Q&A Nikki DeLoach
Guideposts|May 2021
Her Hallmark movies end happily ever after. How this actress finds hope in the real-life story of her father’s dementia
Celeste McCauley

Q. You grew up in Blackshear, Georgia, population: 3,500. How did your upbringing shape your faith?

A. I was really free-range—that’s the beauty of growing up in a teeny, teeny town. I loved church, Bible study and church camp in the summer. That’s where I first started performing. When I was three years old, I remember sitting in Sunday school and feeling I was wrapped in this blanket of light and warmth and love. I never really knew what that was until I felt it as an adult and was like, “That’s the presence of God!”

Q. Tell us about your dad.

A. My dad worked in our family’s timber and trucking business. He was a logger and drove 18-wheelers. He worked six days a week, got up at five in the morning to work, then came back home to take my sister and me to school. He was my basketball coach and drove me to voice lessons. He always made time for my brother, sister and me. Now you might be sitting outside the school for 30 minutes, and he might come swinging in on two wheels, but he always showed up. I could not have asked for a better father.

Q. In 2017, your newborn son needed heart surgery. Then, the same week, your dad was diagnosed with dementia at age 62?

A. Bennett had only one coronary artery, and it was in the wrong place. At five days old, he had major surgery. Five days later, I got a call from my mother about Dad. I had been trying to get my mom to get him checked out. He kept forgetting things and didn’t seem like himself. At first I didn’t even think it was Alzheimer’s or dementia because he was so young. But Dad was diagnosed with a rare and aggressive form of dementia called Pick’s disease (commonly referred to as frontotemporal dementia). It affects the brain’s frontal or temporal lobes. Luckily we have the Alzheimer’s Association doing research, people dedicating their lives to finding answers on treating it and slowing its progression.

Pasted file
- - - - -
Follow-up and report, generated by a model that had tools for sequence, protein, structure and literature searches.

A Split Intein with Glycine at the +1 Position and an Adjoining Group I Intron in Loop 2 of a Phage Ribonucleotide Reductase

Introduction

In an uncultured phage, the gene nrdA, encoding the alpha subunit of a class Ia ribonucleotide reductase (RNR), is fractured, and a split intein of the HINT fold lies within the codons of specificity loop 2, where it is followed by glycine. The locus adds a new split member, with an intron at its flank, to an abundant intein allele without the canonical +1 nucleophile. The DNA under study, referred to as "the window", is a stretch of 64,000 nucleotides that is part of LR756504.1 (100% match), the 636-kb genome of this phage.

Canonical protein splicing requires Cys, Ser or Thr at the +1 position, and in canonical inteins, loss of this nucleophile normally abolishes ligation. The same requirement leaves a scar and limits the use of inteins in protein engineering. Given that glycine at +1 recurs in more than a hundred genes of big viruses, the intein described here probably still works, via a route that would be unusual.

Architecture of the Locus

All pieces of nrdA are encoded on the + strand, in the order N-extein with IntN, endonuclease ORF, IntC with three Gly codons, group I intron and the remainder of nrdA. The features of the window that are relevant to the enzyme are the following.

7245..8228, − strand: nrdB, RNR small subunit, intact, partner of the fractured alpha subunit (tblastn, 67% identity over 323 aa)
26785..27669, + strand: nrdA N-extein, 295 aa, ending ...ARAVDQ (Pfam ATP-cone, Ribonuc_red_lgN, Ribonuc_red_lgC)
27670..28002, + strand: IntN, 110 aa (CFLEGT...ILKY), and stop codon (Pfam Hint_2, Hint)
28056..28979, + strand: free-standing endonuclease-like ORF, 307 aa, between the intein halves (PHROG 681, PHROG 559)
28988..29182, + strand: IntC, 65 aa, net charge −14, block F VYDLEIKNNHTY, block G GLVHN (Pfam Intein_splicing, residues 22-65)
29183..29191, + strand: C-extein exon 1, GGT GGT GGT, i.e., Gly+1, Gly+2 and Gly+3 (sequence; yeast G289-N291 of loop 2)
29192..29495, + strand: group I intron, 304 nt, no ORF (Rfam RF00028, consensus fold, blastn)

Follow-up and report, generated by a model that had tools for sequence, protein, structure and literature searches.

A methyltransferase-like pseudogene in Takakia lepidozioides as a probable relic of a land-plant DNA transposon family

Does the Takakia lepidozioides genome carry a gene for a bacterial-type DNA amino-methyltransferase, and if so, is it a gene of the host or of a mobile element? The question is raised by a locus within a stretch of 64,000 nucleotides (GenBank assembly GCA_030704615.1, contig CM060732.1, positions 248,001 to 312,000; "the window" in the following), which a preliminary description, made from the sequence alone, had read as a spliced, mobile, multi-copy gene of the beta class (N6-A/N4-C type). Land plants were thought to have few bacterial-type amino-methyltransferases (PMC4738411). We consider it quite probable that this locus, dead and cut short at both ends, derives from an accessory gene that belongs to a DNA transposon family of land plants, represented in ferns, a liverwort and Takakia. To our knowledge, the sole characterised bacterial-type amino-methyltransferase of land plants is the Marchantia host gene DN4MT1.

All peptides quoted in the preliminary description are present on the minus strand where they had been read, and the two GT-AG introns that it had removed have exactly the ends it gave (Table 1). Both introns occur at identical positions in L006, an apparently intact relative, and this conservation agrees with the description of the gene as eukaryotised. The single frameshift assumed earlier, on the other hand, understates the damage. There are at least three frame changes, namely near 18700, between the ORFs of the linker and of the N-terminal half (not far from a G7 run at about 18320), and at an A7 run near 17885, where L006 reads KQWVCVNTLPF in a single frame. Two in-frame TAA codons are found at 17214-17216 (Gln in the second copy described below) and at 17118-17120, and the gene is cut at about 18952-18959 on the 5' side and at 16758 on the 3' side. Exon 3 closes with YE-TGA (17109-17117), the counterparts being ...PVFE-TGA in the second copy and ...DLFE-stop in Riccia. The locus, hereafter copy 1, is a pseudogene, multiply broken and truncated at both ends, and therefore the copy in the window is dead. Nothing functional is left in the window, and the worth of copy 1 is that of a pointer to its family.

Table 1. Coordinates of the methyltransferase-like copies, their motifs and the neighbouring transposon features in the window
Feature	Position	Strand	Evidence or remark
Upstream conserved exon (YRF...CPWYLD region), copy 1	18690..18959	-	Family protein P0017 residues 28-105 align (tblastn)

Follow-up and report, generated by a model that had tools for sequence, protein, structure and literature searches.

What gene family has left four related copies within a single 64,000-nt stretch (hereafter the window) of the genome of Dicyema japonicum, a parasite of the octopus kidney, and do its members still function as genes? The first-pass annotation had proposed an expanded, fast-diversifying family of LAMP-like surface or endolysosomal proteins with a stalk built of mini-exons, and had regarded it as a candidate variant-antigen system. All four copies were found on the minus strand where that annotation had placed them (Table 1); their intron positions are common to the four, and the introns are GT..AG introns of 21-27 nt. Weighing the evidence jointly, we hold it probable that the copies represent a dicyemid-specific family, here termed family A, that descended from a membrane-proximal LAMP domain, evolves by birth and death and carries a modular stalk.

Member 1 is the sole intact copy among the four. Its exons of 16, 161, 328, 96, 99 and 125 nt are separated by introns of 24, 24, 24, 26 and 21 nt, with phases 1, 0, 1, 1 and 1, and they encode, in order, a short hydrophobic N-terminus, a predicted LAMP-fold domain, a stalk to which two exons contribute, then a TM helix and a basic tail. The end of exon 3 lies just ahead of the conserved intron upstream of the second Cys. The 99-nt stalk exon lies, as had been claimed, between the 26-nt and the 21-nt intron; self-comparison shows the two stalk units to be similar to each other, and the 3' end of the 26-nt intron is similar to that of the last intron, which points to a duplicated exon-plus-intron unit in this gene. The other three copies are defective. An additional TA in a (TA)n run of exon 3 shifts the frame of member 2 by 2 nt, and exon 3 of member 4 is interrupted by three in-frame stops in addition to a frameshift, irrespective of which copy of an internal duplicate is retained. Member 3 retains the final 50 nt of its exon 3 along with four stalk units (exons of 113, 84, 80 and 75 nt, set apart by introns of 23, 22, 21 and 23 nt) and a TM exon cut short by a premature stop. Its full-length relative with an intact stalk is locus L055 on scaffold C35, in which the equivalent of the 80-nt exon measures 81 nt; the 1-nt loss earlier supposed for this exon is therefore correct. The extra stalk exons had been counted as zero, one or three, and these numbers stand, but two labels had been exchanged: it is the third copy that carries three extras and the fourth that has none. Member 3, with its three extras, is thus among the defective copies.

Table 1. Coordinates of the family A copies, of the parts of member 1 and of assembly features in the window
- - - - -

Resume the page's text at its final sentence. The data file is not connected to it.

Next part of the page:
Q. What did it feel like to get this news all at once?

A. The best way I can describe it: The life you once had, the life you once knew, it’s all gone. I had to figure out a way to exist inside this new reality. Part of my heartbreak was that I was 2,500 miles away, in California. Bennett was in the hospital for a month after his surgery. He came home on oxygen. He was super compromised. We couldn’t have people visit, and no one could hold him. I couldn’t get to my dad because I had to keep my son alive. To not be able to get to this man—who had spent his life protecting me, taking care of me and being my biggest advocate—was excruciating.

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